Friday, July 24, 2009

Microsoft BizSpark

We are since a couple of weeks back a Microsoft BizSpark Member. This is a great opportunity for us (and other small companies) to be able to save a great deal of money on software licenses. We are currently running Visual Studio 2008 & Office 2007 in the office and the licenses cost us nothing. Another great aspect of this membership is the ability it gives us to test various softwares without any restrictions whatsoever.

Thursday, July 16, 2009

Converting VC8 Solution To VC9

Ok, so I installed VS 2008 (see previous post). Were there any complications involved? Not really. Only 1 major and 1 minor. First, since I wanted to keep all vc8 projects and solutions, I copied all vc8-projects & vc8-solutions and renamed the copies to *_vc9.proj & *_vc9.sln. Then I edited all vc9.sln files to use vc9.proj files instead of the vc8.proj files. I fired up vc9.sln and VS converted the solution and the project files without problems. All fine. Was I able to build the solution? No.

There were 1 warning and 1 error. The warning was easy. It was the warning about wp64 (the option which checks for 64-bit compatibility issues) have been deprecated. All I had to do to remove this warning was to disable 64bit compatibility check in the projects options (It's deprecated anyway. You should build in 64-bits mode instead).

The error I got was from the resource compiler. I have used the resource editor and some Win32 API programming to show some simple editor dialogs in the game. When I installed VS2005 I included the MFC files which enables you to use MFC. Since I have never used MFC (I use the core Win32 API instead) I did not include it when I installed VS2008. What I didn't know (and what I think is a bug(?) from Microsoft) is that the resource editor includes a dependency on "afxres.h" in your resource file. This "afxres.h" only gets included in your install when you choose to install MFC. The solution to fix this (I do not want to install MFC) is to copy 2 files from the MFC dir of VS2005 to the same dir in VS2008.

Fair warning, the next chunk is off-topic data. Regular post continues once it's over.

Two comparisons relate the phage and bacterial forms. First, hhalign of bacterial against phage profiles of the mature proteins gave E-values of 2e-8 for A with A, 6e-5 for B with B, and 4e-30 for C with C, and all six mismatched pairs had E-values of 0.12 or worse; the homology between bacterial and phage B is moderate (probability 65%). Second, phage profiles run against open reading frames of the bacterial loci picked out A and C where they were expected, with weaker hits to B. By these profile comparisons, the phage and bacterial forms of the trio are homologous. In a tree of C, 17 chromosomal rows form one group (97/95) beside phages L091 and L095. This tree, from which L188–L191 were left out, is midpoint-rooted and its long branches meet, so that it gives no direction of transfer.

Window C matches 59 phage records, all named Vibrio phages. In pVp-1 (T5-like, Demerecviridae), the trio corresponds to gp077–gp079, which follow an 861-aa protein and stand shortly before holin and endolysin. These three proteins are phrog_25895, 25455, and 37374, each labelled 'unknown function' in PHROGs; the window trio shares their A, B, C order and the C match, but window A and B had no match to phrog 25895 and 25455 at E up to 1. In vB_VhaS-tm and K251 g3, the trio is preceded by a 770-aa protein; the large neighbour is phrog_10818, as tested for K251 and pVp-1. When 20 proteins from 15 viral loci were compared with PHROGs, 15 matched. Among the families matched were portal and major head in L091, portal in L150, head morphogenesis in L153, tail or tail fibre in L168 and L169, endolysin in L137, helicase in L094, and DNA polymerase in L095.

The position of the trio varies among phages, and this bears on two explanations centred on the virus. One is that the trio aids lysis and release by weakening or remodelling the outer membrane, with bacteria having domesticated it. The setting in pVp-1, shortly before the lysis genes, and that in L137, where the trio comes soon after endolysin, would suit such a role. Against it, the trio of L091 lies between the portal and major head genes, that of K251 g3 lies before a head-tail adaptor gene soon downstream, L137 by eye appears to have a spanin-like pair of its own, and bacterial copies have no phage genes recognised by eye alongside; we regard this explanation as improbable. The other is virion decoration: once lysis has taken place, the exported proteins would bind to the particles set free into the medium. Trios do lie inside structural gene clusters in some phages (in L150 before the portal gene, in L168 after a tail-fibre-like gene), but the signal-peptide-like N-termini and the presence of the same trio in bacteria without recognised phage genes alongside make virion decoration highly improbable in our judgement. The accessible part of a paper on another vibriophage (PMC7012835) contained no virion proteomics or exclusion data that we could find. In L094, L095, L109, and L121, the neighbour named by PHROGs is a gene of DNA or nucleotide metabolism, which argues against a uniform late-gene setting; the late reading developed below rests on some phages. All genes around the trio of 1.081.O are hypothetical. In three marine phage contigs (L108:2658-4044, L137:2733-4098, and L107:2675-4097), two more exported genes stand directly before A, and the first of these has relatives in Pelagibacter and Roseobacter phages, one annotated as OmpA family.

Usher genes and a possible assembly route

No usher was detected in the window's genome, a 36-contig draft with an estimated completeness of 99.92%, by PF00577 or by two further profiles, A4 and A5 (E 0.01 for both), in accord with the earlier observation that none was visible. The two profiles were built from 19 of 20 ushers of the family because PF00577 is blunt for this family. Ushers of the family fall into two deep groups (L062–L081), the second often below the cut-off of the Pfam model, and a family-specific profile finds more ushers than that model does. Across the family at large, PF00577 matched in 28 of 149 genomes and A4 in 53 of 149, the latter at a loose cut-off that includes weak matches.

• VS8\VC\atlmfc\include\afxres.h -> VS9\VC\atlmfc\include\afxres.h
  • VS8\VC\atlmfc\include\winres.h -> VS9\VC\atlmfc\include\winres.h

Wednesday, July 15, 2009

Visual Studio 2005 To 2008

Today I decided to upgrade my Visual Studio from 2005 to 2008 (Team System Developer Edition). The installation failed almost immediately due to an error while installing .NET Framework 3.5. For some reason I couldn't upgrade my .Net Framework version to 3.5 which is a requirement for VS2008. I tried several different ways but without any luck. The solution I found was to download .NET Framework Cleanup Tool . This tool can remove all your previous versions of .Net Framework and make your system clean of .Net Framework. After cleaning my system I downloaded .Net Framwork 3.5 SP1 installer from Microsoft and ran it. It worked like a charm. Now let's see what VS2008 have to offer me...

Friday, July 3, 2009


When working in a team you *must* use some kind of revision control sytem. Examples of such systems are SVN, CVS, Perforce & Sourcesafe. Here at the office we use SVN. As client software we choose to use TortoiseSVN. I guess we are not alone using this great piece of software since to date there have been roughly 16,000,000 downloads of it.
Now, I have had a problem in the past. I often work on several differnet computers and often when you work on some piece of a game engine, it might take a couple of days, weeks, before something is ready (stable enough) to be commited to the revision control repository. But since I might start work on something on my laptop in the office, I want to continue the work at my stationary computer at home. I DO want to keep the files synchronized but I do not want to commit my changes to the repository since no other should be bothered with temporary/broken/test - code.
Previously I have synchronized manually. Moving files back and forth on a USB stick. This can really be a pain since it's hard to keep track of changes, and newly added files. It's no fun at all I tell you. And when I'm in a hurry, I always seem to forget at file or two. One exciting new piece of software which can help you a great deal in this situation is DropBox. It gives you 2GB of free server space, and it automatically tracks changes to files. You can use it as a simple revision control system or backup software. Whenever I add/change files in my "DropBox folder" the files get synced on the server and when I log in on my other computer I get all the changes automatically. It works really well.